- Have been taking the following anti-HIV drug combination for at least 12 weeks before study entry: 2 NRTIs plus amprenavir (APV), nelfinavir (NFV), saquinavir (SQV), or NFV plus SQV.
- Are naive to at least 1 NRTI. This means that there is at least 1 NRTI that the patient has not taken for more than 14 days. In the case of lamivudine (3TC), naive means that the patient has never taken this drug.
- Are willing and able to drink 1.5 liters (a little over 1.5 quarts) of water or other fluids a day.
- Agree to use an effective barrier method of birth control (such as condoms) during the study and for 3 months after.
- Have taken protease inhibitors other than APV, NFV, SQV, or NFV plus SQV.
- Are resistant to the effects of IDV or RTV, as shown by a blood test. (Patients whose viral load is between 500 and 1,000 copies/ml will not need to be tested.)
- Have any active opportunistic (AIDS-related) infection in the 14 days before study entry.
- Have any medical condition or history of disease that would prevent them from completing the study or put them at risk.
- Have cancer that requires chemotherapy.
- Have an active infection that requires treatment in the 14 days before study entry.
- Have a fever for a week or more in the 30 days before study entry.
- Have taken nonnucleoside reverse transcriptase inhibitors (NNRTIs) in the 30 days before study entry.
- Have received a vaccine in the 21 days before study entry.
- Have received an experimental drug or a drug that affects the immune system in the 30 days before study entry.
- Have taken or plan to take certain other medications that may affect the study.
- Are pregnant or breast-feeding.
Patients will not be eligible for this study if they:
Contacts and LocationsChoosing to participate in a study is an important personal decision.Talk with your doctor and family members or friends about deciding to join a study. To learn more about this study, you or your doctor may contact the study research staff using the Contacts provided below.For general information, see Learn About Clinical Studies.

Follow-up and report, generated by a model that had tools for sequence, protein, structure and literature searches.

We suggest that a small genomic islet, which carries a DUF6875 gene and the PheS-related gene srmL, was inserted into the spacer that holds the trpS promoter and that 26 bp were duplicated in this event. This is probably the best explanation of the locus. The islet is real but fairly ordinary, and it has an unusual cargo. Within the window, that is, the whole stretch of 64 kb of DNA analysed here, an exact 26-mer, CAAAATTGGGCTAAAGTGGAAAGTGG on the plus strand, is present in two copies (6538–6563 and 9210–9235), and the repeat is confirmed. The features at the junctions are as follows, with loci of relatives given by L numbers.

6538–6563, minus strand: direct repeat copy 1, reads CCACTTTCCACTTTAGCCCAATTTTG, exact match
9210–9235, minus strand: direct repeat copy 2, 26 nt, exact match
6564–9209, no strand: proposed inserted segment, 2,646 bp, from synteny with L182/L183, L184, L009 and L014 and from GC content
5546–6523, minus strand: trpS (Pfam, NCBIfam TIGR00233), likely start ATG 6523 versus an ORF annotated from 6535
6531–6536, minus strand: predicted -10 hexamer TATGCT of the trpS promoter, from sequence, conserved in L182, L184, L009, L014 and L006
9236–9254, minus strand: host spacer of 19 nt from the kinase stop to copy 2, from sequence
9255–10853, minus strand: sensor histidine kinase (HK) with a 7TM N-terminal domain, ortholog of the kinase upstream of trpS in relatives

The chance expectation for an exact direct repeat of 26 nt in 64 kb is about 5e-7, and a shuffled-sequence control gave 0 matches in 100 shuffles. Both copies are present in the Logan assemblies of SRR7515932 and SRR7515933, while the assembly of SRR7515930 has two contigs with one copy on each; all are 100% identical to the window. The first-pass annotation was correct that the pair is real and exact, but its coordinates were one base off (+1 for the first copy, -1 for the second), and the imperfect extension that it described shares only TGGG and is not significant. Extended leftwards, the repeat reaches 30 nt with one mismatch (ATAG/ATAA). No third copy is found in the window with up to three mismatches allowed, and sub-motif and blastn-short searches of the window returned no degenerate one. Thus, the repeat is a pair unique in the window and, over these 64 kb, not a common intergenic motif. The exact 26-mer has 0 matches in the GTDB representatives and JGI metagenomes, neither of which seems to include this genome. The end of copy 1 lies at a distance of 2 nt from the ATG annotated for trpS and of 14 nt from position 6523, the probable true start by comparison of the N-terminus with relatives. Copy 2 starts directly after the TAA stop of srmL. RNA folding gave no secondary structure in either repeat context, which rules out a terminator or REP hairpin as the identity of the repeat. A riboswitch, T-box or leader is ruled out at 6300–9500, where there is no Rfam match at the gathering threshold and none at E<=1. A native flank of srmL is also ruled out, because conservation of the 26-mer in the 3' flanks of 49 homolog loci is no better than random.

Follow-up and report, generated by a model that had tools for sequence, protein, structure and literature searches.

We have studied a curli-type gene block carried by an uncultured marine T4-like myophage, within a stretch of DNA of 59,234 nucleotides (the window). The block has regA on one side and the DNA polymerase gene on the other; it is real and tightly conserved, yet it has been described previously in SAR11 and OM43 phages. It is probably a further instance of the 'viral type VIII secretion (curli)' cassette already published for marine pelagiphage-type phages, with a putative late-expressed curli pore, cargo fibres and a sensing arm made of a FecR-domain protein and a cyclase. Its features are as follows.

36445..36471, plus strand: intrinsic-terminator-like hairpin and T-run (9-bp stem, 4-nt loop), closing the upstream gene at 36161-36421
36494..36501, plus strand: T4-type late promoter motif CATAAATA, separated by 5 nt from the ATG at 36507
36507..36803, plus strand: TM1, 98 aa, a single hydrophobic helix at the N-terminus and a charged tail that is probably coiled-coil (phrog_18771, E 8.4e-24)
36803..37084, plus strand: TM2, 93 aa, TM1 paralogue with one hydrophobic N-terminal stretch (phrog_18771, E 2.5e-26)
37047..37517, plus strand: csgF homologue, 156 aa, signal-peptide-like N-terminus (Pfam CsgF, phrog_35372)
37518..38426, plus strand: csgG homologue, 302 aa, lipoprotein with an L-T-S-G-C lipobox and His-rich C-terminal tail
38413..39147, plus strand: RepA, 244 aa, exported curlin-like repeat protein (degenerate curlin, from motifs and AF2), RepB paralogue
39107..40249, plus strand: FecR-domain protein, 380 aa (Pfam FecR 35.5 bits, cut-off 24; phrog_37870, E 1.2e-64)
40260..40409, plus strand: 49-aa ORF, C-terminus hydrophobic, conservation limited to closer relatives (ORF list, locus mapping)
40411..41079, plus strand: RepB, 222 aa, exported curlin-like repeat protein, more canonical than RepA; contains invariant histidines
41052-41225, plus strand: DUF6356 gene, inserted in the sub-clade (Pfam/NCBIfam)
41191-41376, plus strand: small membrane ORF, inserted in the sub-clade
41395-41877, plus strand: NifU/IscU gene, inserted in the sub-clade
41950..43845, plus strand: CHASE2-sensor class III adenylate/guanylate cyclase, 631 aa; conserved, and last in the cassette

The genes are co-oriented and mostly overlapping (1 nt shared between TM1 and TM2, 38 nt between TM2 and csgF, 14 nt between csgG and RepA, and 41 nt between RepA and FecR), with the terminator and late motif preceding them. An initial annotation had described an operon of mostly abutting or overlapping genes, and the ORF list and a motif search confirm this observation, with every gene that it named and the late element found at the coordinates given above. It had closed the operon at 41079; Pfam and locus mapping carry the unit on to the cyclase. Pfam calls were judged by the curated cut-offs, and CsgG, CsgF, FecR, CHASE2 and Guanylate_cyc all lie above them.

Please refer to this study by its ClinicalTrials.gov identifier: NCT00001133
Locations Show More
|United States, Alabama|
|Alabama Therapeutics CRS|
|Birmingham, Alabama, United States, 35294|
|United States, California|
|Los Angeles, California, United States, 900331079|
|Ucsf Aids Crs|
|San Francisco, California, United States, 94110|
|United States, Maryland|
|Johns Hopkins Adult AIDS CRS|
|Baltimore, Maryland, United States, 21287|
|United States, New York|
|NY Univ. HIV/AIDS CRS|
|New York, New York, United States, 10016|
|United States, Ohio|
|Univ. of Cincinnati CRS|
|Cincinnati, Ohio, United States, 452670405|
|United States, Pennsylvania|
|Pittsburgh, Pennsylvania, United States, 15213|
Sponsors and CollaboratorsNational Institute of Allergy and Infectious Diseases (NIAID)
|Study Chair:||John G. Gerber|
|Study Chair:||Edward P. Acosta|
|Responsible Party:||National Institute of Allergy and Infectious Diseases (NIAID)|
|ClinicalTrials.gov Identifier:||NCT00001133 History of Changes|
|Other Study ID Numbers:||A5055|
|Study First Received:||January 17, 2000|
|Last Updated:||May 21, 2012|
Keywords provided by National Institute of Allergy and Infectious Diseases (NIAID):Dose-Response Relationship, Drug
Drug Therapy, Combination
HIV Protease Inhibitors
Additional relevant MeSH terms:
ClinicalTrials.gov processed this data on March 27, 2020
This information is provided by ClinicalTrials.gov.